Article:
In conclusion… Notice when I spoke about negative experiences those were visual cues, but when I talked about turning negative to positive - those were feelings?  Body image doesn’t have to be about how you look, body image can be just as much about how you feel (such as strong, confident and in control).  I think back on times I felt bad about my body because I was thinking about how it looked to other people.  But over time I’ve learned to love my body for how it makes *me* feel everyday.  I am so grateful that I rediscovered weight-lifting and that it has made me a stronger person.  I’m a big fan of cooking and enjoying food.  I protect my mind and my heart because they too can be the strongest or weakest parts of my body.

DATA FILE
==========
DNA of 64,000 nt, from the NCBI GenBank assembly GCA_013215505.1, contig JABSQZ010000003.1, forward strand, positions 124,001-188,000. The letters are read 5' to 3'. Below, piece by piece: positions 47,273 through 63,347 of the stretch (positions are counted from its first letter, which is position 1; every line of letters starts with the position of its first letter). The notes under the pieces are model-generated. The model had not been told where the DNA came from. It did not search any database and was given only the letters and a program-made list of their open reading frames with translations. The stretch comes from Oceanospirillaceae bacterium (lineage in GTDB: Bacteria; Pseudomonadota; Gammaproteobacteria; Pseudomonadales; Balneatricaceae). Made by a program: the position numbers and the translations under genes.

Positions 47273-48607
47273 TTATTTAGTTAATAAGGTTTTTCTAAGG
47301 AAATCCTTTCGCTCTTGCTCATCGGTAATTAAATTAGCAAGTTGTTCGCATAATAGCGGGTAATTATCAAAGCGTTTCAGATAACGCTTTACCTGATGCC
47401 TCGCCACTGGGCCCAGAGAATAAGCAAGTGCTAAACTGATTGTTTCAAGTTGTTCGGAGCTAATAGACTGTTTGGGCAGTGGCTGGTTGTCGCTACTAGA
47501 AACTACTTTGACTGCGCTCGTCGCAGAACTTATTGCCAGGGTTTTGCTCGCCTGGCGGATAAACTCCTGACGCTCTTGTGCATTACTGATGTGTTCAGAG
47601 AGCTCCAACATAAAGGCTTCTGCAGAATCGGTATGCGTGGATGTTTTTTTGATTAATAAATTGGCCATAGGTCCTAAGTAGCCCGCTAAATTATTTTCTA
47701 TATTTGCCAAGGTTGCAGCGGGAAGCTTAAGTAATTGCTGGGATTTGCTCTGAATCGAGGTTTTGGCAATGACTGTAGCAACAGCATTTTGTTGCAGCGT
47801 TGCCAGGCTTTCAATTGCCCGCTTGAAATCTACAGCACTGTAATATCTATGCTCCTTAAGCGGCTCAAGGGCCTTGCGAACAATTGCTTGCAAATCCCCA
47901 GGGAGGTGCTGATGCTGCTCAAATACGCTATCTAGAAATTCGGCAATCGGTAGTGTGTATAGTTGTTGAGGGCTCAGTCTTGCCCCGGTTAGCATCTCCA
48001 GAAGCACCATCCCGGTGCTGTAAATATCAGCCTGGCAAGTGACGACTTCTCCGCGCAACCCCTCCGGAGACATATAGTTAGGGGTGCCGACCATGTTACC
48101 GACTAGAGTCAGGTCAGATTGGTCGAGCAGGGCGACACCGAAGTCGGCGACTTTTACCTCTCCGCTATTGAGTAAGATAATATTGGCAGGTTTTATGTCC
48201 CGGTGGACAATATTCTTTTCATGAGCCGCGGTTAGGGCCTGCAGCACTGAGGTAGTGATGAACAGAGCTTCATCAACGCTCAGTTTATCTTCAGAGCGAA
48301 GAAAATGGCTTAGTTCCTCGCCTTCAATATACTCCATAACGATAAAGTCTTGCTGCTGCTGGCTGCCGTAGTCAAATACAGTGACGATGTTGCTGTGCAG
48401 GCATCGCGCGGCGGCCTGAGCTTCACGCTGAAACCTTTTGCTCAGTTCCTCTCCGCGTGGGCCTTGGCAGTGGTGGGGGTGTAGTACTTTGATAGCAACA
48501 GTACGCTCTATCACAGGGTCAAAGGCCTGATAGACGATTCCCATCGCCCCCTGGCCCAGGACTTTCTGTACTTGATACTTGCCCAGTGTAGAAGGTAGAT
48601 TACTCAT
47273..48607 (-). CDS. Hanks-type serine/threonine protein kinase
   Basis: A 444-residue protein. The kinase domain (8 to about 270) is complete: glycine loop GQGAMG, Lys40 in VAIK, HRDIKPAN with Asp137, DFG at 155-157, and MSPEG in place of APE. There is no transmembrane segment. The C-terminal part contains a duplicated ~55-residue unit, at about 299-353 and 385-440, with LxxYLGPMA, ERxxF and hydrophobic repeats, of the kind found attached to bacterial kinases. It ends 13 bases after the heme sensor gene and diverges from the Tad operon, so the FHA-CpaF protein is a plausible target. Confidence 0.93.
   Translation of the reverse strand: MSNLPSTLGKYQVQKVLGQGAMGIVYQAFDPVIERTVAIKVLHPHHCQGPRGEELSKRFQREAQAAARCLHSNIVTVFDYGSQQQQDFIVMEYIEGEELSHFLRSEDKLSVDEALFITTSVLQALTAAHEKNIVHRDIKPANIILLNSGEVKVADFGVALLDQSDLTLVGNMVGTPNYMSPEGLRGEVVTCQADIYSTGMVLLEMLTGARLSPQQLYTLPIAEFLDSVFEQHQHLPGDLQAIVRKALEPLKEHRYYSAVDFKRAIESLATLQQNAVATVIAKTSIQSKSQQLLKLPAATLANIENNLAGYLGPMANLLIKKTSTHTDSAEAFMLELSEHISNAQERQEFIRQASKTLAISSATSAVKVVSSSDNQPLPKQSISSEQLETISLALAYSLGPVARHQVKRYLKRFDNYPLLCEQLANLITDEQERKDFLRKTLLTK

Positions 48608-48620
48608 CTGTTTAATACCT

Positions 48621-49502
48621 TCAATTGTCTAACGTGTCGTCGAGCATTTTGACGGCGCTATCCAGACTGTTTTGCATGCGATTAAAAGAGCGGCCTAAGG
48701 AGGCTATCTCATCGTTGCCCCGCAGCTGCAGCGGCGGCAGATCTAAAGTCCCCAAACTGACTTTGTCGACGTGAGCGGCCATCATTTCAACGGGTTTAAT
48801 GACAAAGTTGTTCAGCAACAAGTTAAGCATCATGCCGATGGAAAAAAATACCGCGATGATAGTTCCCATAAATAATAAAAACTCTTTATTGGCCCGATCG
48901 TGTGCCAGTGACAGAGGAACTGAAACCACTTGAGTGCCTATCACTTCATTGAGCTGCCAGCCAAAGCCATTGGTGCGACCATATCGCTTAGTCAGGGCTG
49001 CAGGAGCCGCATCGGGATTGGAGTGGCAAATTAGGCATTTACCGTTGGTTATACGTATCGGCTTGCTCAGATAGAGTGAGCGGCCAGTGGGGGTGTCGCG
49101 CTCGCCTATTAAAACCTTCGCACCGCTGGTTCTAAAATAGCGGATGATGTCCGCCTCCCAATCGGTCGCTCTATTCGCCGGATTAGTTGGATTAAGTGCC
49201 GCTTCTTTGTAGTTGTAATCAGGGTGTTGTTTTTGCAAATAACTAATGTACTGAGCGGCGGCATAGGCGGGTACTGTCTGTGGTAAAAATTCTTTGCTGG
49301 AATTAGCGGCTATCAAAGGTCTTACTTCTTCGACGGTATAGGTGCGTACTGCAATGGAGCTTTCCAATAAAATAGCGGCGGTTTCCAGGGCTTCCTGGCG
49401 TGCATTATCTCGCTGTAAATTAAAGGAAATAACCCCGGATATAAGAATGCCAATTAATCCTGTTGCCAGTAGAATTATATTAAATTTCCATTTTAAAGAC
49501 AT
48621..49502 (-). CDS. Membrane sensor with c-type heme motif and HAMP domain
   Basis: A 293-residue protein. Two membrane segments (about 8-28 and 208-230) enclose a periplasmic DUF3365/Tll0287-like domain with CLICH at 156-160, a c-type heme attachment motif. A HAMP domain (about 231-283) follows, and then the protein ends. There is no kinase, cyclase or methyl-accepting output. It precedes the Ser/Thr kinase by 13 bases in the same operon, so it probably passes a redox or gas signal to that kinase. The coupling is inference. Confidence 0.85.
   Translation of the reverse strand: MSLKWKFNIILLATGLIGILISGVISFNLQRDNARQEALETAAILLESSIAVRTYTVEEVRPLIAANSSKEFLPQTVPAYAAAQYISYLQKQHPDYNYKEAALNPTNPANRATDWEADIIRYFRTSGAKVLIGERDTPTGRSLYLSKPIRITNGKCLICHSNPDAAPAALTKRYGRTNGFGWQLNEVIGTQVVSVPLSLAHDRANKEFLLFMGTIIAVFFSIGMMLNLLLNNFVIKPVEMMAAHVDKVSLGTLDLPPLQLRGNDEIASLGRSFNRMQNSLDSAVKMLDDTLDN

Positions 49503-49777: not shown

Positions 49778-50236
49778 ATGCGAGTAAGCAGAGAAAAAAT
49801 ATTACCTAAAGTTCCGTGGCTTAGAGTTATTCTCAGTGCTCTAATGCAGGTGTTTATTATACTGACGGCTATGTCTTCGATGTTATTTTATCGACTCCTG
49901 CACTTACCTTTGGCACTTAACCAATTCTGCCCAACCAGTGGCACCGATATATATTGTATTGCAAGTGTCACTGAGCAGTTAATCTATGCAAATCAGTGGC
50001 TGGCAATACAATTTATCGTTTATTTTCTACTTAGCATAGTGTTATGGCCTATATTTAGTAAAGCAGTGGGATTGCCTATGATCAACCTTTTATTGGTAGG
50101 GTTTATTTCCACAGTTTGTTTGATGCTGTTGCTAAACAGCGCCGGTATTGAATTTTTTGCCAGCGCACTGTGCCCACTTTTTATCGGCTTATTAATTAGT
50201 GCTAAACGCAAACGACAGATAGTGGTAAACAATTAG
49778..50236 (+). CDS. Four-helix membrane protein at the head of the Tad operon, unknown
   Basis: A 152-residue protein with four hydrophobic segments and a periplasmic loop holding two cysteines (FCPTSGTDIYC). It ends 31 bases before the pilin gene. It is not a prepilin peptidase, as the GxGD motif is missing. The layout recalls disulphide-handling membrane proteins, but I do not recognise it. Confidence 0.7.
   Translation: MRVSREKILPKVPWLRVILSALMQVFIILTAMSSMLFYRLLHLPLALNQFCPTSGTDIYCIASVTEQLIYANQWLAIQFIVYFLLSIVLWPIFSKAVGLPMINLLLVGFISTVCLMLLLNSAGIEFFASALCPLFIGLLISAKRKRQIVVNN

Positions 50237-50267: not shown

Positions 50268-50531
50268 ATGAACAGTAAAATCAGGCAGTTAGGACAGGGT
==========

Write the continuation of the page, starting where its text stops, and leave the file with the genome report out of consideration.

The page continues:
I love my body for all of the things it can do and especially, the joy it brings me when I dance!  Ask yourself, what do you love your body for and how could you love it more?    

Photo Credit:  Huge thank you to my friend Laura of Riverway Studios.  She is very artistic and does a lot of ballet-inspired illustrations so I knew she would be the perfect person to capture these photos.    

Clothes/Equipment:  Shorts are Teeki from Fitness Hub Boston, pointe shoes are Bloch, camera is Sony Alpha 7II.